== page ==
Yemeni President Ali Abdullah Saleh reiterated on Tuesday that he will not allow himself to be forced from office, insisting that the military defectors were plotting a “coup” against him and that he will only leave office through “constitutional means.”
Saleh likewise warned that if he is forced from office it will surely lead to civil war, though the threat is tempered by high violence which has many believing that Yemen is on a course for such a conflict (or a breakup) if he remains in power.
Saleh’s sudden interest in a “constitutional” change of power and aversion to the military taking charge is interesting, as he has been both president and de facto military commander for decades. Saleh assumed power in 1978 after the assassination of former President Ahmad al-Ghashmi.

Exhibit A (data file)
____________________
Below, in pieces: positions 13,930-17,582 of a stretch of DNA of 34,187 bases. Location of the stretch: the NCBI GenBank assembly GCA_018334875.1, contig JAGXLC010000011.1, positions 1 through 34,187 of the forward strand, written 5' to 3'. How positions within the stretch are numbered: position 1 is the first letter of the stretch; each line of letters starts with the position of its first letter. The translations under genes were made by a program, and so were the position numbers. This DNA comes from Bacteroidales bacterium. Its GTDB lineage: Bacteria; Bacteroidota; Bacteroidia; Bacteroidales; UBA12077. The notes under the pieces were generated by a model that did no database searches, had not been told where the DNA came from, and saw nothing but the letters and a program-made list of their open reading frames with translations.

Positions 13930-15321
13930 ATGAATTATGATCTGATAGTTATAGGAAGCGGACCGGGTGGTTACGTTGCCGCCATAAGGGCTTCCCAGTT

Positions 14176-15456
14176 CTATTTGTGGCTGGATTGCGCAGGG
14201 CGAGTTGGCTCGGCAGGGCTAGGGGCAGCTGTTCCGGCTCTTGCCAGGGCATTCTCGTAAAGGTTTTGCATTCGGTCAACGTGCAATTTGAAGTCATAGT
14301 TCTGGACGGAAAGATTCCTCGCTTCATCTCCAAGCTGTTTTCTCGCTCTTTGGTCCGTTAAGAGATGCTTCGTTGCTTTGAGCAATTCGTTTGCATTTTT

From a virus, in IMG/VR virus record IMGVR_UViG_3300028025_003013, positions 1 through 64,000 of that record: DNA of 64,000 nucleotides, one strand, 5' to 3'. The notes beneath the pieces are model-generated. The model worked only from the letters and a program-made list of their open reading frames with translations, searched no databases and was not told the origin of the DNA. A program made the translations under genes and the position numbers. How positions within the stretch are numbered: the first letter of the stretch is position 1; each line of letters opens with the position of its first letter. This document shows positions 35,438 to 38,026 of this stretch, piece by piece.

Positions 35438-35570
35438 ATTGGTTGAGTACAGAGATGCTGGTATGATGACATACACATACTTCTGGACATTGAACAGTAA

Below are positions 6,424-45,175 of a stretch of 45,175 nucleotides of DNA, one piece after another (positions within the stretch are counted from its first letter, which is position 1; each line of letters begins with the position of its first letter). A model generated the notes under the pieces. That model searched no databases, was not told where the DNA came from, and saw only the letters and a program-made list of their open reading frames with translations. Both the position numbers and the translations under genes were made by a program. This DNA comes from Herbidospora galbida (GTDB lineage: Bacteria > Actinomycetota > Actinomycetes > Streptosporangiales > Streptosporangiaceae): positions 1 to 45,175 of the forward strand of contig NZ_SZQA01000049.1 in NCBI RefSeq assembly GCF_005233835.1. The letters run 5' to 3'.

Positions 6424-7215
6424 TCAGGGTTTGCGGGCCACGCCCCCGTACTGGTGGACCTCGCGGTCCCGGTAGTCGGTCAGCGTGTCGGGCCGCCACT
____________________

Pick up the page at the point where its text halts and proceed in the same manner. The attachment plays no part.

As the military defectors and tribal groups join the protest movement, many of the (mostly student) protesters there from the beginning are also expressing concern that they will lose influence in the revolution they have started. This concern is likely fueled by the brief support they saw by political opposition faction, who made a “deal” with Saleh just days later, ostensibly on behalf of the protest movement.
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